SOMSA’s Response to Barclay’s Recent Statement

In light of recent statements issued by Barclays, SOMSA would like to address a number of inaccuracies in the public statements they have made.

We note Barclays’s statement that 12 of SOMSA’s 16 members banked with banks other than Barclays, and that of the 4 that Barclays has asked to find another bank, at least 1 has been successful in re-banking thus far. These assertions are incorrect.

The 12 organisations to which Barclays refer are small payment institutions (SPIs) – none of them has a bank account.

The 4 large SOMSA members which have an account with Barclays are authorised payment institutions (APIs). Unlike SPIs, which are forbidden from remitting more than €3 million per month, APIs have to obtain a licence from the Financial Conduct Authority and can remit unlimited sums.

None of the 4 APIs have been able to secure equivalent alternative bank accounts within the deadline Barclays has set. At this stage, no banks other than Barclays Bank are able to provide the range of services we require to meet the needs of the communities and clients we serve. One of the 4 remaining companies has a very limited arrangement in place, but that will not in any way cover the needs of the community. SOMSA cannot comment further on those arrangements due to issues of commercial sensitivity.

The lack of transparency regarding Barclays Bank’s decision has made the process of securing alternative banking arrangements considerably more difficult. All SOMSA members are regulated by FCA and are regularly audited by HMRC. We are ready to meet any of Barclays’s concerns, but first need to know what these are, as well as any revised eligibility criteria that we need to meet. SOMSA members have asked Barclays to tell them what criteria they need to meet but Barclays will not share this information with the companies impacted.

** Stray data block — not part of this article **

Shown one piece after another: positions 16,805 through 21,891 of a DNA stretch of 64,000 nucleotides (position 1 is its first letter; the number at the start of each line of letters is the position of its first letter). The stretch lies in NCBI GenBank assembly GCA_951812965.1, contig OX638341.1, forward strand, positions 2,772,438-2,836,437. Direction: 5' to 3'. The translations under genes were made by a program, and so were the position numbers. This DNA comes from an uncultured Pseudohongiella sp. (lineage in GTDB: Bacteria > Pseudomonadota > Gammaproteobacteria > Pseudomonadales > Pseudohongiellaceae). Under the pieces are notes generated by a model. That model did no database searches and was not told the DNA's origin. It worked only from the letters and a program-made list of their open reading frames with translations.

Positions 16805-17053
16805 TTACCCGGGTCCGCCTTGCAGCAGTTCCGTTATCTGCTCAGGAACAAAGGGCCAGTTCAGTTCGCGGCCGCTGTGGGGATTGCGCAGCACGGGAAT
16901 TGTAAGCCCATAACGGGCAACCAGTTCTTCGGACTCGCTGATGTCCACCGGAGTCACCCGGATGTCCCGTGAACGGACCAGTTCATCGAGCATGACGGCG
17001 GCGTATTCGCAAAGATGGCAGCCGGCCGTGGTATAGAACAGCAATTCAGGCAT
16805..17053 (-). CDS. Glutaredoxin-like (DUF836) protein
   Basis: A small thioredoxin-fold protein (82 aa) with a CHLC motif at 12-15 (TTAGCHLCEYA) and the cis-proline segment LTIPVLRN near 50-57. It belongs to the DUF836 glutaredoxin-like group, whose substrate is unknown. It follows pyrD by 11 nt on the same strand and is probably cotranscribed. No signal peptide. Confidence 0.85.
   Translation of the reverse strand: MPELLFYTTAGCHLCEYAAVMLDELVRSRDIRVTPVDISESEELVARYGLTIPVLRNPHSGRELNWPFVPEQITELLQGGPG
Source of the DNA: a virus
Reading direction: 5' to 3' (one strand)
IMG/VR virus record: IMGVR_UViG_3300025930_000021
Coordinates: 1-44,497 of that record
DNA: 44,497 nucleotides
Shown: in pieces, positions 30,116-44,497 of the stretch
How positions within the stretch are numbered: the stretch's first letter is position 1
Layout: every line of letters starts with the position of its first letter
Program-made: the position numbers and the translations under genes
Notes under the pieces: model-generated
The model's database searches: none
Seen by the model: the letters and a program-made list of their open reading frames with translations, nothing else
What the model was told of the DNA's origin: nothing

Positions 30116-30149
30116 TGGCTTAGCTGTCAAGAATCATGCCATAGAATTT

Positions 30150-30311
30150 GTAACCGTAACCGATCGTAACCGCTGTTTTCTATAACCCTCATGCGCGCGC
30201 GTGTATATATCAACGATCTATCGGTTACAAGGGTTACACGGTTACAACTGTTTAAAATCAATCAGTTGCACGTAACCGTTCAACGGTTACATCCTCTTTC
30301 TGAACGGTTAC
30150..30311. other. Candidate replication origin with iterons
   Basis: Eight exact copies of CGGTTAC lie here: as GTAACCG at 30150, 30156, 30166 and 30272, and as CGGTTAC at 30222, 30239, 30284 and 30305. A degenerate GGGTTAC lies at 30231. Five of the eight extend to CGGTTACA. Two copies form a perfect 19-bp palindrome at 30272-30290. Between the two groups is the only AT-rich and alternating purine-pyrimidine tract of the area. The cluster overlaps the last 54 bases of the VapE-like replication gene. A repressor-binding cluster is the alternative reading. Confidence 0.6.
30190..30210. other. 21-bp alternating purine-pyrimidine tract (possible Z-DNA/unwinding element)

Barclays have suggested that they have to close our members’ accounts because of “Regulations”. This is untrue and misleading. The regulations applicable to our businesses have not changed recently (and Barclays has banked some of our members for many years). It has never been suggested that any of our members are in breach of any of the regulations. It is particularly bewildering that SOMSA members who have not breached any regulations are losing their accounts, while Barclays is retaining the accounts of other large international MSBs who have been charged and fined for breaches. Why is Barclays happy to continue to serve these companies but not SOMSA companies?

In Barclays most recent statement, they cite the ‘heightened money laundering risks’ identified by the FCA’s Annual Financial Crime Report as a basis for their decision. They also refer to the report by the ‘Monitoring Group on Somalia and Eritrea’ to the UN Security Council on 12 July 2013 as evidence for the need to take immediate action. SOMSA is not mentioned in the UN monitoring report or the Financial Conduct Authority Annual Financial Crime Report to which Barclays refer.

Whatsmore, Barclays announced it was closing SOMSA member’s accounts over two months before the monitoring group report was issued and in recent weeks UN experts and multiple NGO and development agencies operating in the Horn of Africa have appealed against Barclays decision which fundamentally jeopardizes their operations in the region.

Earlier this month the Overseas Development Institute published research into the specific situation in Somalia. This found that the risk of money laundering via remittance companies is minimal and can be mitigated through careful monitoring and engagement with agents on the ground. Crucially, it also found that “preconceived ideas about risk in Somalia may be overriding a more balanced assessment”; and that “there is a world of difference between providing banking services to drug barons in Mexico and delivering a service that pays for health, education, food, housing materials and small enterprises in Somalia”. In other words, Somalia is different.

The risk of being a conduit for financial crime, is one faced by all financial services – not just money transfer companies.

The impact of the closure of these accounts will be felt immediately by stakeholders in the UK and in Somalia following the September 30th deadline.

Download the response as: SOMSA’s-Response-Barclay’s-Statement


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